We last discussed eviction procedures in our post about Landlord Tenant Laws back in April, 2008. Now for a brief update:
As noted in the original post, most eviction cases are heard by courts of general jurisdiction, such as Superior Courts or District Courts. Of course specific courts’ jurisdiction varies from state to state, depending on the structure of each state’s judicial system. In a few states, evictions may be handled by local courts of limited jurisdiction.
As if finding which court handles evictions in a given state weren’t difficult enough, the process of kicking out a tenant isn’t even … Read More
With the upcoming presidential election, it is more important than ever to register to vote. Traditionally, registering to vote required a paper application, either mailed or delivered to the County Courthouse. However, a number of states are now offering online voter registration.
On September 19, 2012, the State of California launched a new online voter registration system. According to the September 20, 2012, article by Patrick McGreevy, Los Angeles Times, there are 6.5 million California residents that are eligible to vote but have not registered. The California Secretary of State, Debra Bowen hopes that the new system will ensure greater … Read More
Ohio Secretary of State Jon Husted has announced that all registered voters in Ohio will be receiving absentee ballot applications for the November 6th election in their mailboxes. “This mailing represents an unprecedented move toward uniformity, accessibility and fairness in Ohio’s elections process,” Secretary Husted said. “For the first time voters in all 88 counties will receive an application to vote by mail – turning their kitchen table into a voting booth.” More than 6 million absentee applications were sent out on August 31st. A second supplemental mailing will go out in early October to voters who registered or updated … Read More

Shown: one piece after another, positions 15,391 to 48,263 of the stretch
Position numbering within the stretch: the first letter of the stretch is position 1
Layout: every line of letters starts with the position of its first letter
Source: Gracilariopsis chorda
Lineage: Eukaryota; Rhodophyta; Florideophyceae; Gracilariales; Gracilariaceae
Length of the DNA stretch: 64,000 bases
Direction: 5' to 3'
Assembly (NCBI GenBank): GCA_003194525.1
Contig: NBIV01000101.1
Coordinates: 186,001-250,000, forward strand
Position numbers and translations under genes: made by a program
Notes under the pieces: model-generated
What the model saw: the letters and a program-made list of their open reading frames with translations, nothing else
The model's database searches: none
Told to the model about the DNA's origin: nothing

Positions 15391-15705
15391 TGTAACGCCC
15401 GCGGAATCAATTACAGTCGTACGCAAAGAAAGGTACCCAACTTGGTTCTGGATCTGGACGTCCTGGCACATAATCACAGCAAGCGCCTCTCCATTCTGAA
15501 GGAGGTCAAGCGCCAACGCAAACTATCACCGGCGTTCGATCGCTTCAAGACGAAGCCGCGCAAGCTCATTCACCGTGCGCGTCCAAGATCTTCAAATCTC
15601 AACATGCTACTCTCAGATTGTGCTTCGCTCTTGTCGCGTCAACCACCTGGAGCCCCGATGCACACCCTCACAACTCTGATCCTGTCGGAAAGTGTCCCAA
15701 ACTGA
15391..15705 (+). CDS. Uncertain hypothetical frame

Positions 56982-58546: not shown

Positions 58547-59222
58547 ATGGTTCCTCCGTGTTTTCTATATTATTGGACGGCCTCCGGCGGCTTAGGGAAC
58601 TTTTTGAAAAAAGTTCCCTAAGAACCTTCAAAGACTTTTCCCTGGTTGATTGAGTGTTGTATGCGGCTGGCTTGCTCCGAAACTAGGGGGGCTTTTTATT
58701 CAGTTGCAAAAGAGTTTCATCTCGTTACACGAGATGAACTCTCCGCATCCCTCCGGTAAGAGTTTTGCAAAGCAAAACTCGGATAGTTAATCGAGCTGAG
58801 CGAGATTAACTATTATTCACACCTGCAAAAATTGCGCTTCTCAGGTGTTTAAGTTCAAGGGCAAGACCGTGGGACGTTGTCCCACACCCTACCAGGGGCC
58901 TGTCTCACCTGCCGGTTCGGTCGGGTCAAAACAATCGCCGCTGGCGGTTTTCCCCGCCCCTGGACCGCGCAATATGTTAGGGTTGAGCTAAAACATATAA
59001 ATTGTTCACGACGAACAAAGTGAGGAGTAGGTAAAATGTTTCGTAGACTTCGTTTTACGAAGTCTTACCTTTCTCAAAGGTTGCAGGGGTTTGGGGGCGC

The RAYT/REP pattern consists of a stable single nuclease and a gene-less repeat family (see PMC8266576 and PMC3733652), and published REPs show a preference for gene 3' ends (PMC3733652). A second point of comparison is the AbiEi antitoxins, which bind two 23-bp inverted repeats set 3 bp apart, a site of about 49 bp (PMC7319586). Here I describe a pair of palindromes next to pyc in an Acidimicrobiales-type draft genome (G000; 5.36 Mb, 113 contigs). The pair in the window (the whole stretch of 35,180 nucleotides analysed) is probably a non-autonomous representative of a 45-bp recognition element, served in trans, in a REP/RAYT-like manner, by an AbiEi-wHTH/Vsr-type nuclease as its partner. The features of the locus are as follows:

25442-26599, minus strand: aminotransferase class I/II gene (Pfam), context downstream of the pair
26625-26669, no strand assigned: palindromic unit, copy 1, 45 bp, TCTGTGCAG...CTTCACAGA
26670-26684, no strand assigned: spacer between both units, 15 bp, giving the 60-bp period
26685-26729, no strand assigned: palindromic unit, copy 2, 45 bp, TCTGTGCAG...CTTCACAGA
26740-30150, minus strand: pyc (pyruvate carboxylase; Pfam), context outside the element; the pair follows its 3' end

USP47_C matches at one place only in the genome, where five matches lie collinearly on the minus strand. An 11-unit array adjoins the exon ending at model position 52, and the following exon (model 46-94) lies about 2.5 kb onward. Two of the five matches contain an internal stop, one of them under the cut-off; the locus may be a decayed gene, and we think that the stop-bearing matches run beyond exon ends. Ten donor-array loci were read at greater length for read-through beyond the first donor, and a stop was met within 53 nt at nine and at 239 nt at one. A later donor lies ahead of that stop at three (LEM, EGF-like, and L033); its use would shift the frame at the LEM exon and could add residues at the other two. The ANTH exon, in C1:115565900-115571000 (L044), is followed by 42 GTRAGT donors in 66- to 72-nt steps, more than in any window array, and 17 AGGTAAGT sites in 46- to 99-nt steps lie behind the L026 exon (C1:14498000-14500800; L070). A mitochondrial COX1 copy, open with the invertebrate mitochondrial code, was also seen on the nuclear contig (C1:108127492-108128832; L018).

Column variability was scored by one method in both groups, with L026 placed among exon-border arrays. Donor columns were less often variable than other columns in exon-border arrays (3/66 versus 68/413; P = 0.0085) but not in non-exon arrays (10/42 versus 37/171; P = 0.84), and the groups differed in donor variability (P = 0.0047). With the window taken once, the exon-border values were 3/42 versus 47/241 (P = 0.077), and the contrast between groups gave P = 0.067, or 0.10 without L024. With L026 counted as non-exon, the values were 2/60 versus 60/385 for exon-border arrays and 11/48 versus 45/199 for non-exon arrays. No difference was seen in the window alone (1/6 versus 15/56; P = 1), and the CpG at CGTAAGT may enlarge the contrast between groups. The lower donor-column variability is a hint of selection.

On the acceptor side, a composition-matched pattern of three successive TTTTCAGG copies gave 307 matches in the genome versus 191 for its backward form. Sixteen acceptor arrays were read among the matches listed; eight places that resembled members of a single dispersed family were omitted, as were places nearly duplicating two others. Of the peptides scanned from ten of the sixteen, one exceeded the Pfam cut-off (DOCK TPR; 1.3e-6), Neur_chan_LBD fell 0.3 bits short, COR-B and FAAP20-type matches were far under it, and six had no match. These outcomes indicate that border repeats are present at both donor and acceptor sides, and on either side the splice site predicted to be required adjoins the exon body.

Imagine receiving a penalty notice for unpaid toll bridge fees totaling hundreds of dollars. Then imagine disputing those fees in one of two new toll courts in Washington state, only to discover that the likelihood of fine dismissal is practically nil. Since the toll courts opened their doors in May 2012, 75% of drivers who attempted to challenge their fines have lost. Doesn’t that figure imply some fundamental flaw in the toll court system?
In a word, no. The new Washington toll courts have granted their administrative judges very limited discretion in reviewing appeals. The only judicial options available to … Read More